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How To Really Achieve a Smart Grid

May 21, 2013  • David Monsma & Charles M. Firestone

The concept of a smart grid has been with us for a couple of decades now. When implemented, advanced energy networks have the potential to transform the current electricity grid. What has been dominated by a linear flow of electricity from producers to disempowered consumers with little exchange of information can become an integrated ICT network where energy, information and economic value are exchanged at all points on the energy system. Innovation in smart energy networks allows new products, services and consumer choices through the use of information technologies, but requires an element of implementation that has been extremely slow to realize.

There are many reasons for this, but one important barrier is the lack of closer coordination and shared objectives among the various actors from utilities to telecoms to software companies and so on. What’s more, our grid has evolved under a complex patchwork of regulatory and market conditions that lead to fragmented regional energy markets and many obstacles to developing coherent national business models to bring these new technologies to market.

To address this, the Aspen Institute Communications and Society Program and Energy and Environment Program collaborated to convene leaders and experts from both sectors – energy and communications – to collectively reimagine smart grids and learn what is needed to advance its implementation where feasible and possible to do so. We began with the vision of Bracken Hendricks at the Center for American Progress, who sees the linear grid becoming a true ICT network where generation, transmission and distribution, and the end use of electricity each have elements of supply, network management, and demand. In short, the grid becomes a transactional platform where competitive forces can enter more efficiently and in new ways, to perform different functions, serve different markets, or achieve other economic and social ends.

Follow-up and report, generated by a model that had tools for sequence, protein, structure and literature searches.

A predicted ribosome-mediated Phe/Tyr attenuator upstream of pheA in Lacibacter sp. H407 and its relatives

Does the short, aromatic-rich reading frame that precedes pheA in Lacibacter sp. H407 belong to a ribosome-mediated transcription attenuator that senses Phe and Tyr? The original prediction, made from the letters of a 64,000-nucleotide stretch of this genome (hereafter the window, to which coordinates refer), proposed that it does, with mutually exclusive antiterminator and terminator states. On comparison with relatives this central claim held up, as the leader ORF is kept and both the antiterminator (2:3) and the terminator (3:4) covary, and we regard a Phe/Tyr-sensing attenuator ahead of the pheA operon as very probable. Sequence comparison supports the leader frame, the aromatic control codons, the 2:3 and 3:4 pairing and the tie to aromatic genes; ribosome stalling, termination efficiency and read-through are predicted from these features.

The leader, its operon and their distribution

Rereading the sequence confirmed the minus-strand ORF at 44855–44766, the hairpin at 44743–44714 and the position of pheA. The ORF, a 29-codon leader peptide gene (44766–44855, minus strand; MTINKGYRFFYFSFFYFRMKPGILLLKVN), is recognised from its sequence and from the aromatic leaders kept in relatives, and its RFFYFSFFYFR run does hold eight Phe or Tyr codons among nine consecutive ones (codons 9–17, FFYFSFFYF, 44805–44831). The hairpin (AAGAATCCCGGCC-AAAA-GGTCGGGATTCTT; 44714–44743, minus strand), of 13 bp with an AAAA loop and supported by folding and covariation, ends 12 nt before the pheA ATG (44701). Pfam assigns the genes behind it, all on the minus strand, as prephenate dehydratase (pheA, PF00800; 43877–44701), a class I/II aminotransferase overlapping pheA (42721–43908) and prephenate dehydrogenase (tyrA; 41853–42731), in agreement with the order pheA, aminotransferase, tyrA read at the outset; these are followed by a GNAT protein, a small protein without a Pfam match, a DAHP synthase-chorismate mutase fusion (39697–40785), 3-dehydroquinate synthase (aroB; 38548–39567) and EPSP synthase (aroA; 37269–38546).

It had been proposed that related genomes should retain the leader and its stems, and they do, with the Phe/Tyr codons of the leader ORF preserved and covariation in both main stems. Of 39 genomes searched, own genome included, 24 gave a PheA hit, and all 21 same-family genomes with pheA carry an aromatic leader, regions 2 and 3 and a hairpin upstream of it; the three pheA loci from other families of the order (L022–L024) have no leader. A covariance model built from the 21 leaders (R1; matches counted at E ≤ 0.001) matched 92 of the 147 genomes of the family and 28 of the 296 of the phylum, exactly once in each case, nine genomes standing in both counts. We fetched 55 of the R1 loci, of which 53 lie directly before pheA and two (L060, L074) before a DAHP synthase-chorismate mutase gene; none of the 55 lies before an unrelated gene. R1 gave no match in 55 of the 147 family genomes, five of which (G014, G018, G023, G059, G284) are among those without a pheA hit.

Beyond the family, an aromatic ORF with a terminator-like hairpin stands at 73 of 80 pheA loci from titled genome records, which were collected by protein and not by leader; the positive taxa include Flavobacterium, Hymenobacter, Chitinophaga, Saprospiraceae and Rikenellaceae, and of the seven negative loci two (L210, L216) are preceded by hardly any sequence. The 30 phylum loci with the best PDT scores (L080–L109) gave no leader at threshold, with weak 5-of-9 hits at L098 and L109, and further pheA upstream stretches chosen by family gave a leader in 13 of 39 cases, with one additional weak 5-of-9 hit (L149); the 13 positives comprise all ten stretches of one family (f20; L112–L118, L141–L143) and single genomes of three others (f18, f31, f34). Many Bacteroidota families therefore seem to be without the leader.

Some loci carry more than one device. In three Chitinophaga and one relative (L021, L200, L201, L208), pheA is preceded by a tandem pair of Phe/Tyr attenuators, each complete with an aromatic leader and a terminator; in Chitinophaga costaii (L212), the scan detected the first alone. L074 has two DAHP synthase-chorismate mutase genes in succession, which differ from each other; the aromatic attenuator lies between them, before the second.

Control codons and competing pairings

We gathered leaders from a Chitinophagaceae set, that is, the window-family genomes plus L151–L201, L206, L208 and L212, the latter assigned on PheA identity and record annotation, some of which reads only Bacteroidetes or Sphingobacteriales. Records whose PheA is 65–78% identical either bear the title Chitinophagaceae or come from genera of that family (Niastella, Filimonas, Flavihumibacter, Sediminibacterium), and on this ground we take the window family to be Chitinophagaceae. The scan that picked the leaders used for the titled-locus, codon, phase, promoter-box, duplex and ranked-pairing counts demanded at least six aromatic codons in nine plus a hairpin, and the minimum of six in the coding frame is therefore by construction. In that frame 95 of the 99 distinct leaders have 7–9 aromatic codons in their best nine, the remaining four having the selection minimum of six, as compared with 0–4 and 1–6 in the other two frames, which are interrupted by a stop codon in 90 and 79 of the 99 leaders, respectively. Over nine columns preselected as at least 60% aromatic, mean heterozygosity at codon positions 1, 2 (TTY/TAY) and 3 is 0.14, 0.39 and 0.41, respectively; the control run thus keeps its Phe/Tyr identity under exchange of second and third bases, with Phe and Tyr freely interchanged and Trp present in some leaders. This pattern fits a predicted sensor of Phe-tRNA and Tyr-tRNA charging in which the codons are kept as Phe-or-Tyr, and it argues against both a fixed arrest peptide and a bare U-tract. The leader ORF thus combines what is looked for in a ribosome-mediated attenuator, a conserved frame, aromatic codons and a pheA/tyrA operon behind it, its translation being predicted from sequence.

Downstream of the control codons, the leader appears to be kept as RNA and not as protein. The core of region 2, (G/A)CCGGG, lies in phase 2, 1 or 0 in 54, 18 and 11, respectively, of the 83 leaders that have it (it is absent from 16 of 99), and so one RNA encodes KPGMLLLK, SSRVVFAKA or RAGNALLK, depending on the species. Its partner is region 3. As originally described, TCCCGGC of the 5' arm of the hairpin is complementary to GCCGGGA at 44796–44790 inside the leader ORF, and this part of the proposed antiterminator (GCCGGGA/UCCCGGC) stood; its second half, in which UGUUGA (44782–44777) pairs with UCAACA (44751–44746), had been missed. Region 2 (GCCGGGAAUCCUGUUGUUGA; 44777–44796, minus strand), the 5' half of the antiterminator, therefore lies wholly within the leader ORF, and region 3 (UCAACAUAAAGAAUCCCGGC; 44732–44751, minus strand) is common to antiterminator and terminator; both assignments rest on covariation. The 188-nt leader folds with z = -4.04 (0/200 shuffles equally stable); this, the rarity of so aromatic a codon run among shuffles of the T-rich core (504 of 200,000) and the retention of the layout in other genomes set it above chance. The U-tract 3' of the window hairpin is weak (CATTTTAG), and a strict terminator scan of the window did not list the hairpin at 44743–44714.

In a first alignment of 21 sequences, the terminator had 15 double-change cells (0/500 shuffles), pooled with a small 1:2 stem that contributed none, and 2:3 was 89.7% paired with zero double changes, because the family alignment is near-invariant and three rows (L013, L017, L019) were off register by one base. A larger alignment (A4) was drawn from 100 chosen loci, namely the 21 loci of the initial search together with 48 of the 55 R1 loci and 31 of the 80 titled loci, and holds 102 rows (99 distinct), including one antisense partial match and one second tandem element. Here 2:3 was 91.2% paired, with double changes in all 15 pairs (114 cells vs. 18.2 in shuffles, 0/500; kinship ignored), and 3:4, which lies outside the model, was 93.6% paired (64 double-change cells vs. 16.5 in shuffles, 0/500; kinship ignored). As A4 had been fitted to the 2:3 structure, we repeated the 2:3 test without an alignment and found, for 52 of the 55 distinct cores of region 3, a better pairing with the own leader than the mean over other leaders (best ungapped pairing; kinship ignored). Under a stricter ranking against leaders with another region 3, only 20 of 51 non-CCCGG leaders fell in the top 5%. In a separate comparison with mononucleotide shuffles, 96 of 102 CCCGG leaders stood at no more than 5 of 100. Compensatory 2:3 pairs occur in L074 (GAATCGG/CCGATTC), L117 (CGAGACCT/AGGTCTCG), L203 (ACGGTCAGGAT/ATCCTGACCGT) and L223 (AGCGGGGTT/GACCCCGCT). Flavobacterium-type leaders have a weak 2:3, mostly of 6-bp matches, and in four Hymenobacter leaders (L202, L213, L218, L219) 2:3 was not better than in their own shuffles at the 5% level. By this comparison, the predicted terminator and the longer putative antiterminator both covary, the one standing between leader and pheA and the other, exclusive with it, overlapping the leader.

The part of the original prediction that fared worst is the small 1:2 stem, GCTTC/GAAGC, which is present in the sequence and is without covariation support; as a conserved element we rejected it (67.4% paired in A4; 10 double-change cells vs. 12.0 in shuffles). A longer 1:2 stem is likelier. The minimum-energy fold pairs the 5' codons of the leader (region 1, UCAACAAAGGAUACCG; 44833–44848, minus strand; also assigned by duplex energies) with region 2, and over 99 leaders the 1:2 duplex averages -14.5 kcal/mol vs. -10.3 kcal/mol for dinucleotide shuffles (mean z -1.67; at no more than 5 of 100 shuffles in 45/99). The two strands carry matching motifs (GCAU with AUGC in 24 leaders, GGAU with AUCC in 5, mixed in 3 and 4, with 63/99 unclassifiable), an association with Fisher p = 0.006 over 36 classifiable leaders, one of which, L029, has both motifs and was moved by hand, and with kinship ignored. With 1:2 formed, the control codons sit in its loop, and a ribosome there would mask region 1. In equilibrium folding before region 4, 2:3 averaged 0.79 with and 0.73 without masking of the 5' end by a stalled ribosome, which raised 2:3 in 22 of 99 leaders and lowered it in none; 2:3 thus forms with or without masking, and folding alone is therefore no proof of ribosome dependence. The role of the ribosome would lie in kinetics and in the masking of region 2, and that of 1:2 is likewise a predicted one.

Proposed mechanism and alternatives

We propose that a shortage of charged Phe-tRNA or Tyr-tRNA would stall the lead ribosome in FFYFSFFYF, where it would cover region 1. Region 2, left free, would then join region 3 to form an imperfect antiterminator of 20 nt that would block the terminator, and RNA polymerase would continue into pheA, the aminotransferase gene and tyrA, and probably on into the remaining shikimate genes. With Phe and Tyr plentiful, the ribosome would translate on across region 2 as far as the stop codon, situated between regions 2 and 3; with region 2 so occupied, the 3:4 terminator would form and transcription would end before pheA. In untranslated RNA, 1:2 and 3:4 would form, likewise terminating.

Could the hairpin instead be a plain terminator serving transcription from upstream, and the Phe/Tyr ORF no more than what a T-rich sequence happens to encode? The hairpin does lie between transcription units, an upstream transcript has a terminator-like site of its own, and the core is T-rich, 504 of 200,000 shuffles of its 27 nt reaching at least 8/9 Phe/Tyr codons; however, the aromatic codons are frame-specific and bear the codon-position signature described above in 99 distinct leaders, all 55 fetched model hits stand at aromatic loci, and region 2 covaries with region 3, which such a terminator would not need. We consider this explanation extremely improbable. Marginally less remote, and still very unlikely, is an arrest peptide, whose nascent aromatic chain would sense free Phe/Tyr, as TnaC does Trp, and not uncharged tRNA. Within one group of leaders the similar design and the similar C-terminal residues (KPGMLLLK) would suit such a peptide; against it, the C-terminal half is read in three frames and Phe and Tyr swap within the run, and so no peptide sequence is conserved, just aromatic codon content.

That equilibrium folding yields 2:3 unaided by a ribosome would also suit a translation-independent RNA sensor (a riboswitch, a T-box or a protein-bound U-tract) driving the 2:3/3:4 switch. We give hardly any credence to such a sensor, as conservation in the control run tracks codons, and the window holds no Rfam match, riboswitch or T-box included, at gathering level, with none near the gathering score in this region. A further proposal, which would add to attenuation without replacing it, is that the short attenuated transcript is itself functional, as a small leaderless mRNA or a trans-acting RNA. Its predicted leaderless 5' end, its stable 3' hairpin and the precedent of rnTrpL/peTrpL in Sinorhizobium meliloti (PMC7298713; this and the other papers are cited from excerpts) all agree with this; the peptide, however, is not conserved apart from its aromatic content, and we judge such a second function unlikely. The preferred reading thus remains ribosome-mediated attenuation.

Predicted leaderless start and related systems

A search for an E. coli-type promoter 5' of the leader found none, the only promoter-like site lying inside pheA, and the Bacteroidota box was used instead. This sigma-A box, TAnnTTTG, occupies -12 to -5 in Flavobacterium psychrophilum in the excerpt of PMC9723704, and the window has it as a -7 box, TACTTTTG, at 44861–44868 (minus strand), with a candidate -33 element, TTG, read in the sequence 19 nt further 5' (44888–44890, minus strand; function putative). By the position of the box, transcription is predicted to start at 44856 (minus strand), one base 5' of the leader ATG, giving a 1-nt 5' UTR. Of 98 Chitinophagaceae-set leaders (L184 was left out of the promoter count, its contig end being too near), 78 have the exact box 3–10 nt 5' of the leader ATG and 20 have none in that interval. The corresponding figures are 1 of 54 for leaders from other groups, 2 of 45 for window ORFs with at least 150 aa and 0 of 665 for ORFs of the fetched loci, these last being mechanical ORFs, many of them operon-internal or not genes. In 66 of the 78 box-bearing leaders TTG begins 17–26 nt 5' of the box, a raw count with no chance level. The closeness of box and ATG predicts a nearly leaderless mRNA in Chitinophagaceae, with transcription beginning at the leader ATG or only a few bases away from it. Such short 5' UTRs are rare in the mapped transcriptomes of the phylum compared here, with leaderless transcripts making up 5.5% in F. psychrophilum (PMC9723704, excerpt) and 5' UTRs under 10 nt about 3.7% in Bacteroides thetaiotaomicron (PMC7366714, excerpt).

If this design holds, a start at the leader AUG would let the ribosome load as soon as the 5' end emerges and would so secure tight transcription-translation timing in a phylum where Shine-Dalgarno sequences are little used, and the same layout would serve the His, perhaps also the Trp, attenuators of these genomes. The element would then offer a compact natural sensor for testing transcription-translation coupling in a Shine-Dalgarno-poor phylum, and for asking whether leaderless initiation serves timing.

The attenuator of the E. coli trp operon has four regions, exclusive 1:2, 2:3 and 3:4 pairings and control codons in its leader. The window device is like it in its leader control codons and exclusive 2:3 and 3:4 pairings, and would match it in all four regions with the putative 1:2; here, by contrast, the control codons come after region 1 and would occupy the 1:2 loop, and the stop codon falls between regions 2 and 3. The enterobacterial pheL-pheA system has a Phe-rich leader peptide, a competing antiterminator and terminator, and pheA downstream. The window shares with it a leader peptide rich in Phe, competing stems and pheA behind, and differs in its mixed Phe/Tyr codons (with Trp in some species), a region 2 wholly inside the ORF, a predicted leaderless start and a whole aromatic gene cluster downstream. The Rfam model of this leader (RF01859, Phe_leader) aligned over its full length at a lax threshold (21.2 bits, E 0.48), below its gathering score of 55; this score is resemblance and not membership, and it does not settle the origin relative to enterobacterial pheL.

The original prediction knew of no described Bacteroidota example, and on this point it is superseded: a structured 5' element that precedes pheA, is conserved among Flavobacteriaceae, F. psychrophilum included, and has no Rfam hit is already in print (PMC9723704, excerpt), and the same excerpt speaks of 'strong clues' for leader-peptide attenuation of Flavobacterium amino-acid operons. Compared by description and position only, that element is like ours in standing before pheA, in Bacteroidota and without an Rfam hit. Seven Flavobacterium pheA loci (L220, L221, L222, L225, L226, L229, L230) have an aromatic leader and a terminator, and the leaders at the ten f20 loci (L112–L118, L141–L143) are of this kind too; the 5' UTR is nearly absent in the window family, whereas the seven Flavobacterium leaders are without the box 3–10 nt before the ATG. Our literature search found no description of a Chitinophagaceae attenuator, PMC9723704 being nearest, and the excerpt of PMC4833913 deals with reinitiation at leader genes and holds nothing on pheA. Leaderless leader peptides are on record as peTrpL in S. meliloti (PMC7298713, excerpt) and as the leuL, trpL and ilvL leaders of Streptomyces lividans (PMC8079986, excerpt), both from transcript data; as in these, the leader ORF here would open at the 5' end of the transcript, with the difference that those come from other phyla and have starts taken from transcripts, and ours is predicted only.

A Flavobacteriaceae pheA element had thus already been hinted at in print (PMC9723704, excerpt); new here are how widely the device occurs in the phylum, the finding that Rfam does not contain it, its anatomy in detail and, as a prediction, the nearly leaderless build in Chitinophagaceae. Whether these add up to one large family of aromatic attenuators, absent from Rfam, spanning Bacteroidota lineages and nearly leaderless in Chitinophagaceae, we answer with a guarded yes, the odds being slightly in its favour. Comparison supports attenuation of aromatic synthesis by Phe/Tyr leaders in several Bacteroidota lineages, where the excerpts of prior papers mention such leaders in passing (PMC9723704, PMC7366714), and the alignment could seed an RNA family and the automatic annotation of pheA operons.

With surprising agreement across a broad variety of energy and communications representatives, including both government and the private sector, a basic early-draft vision emerged: To create open-access information-enabled electricity networks for multi-directional transactions in generation, distribution, and use optimized to be clean, promote innovation, enable consumer choice, be flexible, and continue to provide safe, affordable, reliable, and secure electricity.

There are a number of ways to move toward this vision.  Some are major policy and political efforts, such as elevating the dialogue through the White House and other forums on related topics. The Aspen Institute Clean Energy Forum, for one, will take up the topic this summer in Aspen.  Another is to begin the process of creating an open-access tariff in the distribution of energy similar to what exists today in some wholesale transmission markets. An Open Access Distribution Tariff would be a kind of network protocol to allow for the exchange of energy and energy services at the last mile.

The stakes are large – for our localities, our energy infrastructure, our nation’s competitiveness, and the health of our planet. While there are many conversations about the topic, we believe that by bringing the constituencies of the Communications and Society Program together with those of the Energy and Environment Program, we can anticipate the future, find and lessen the barriers to implementation and begin to fulfill the opportunities that smart grids offer.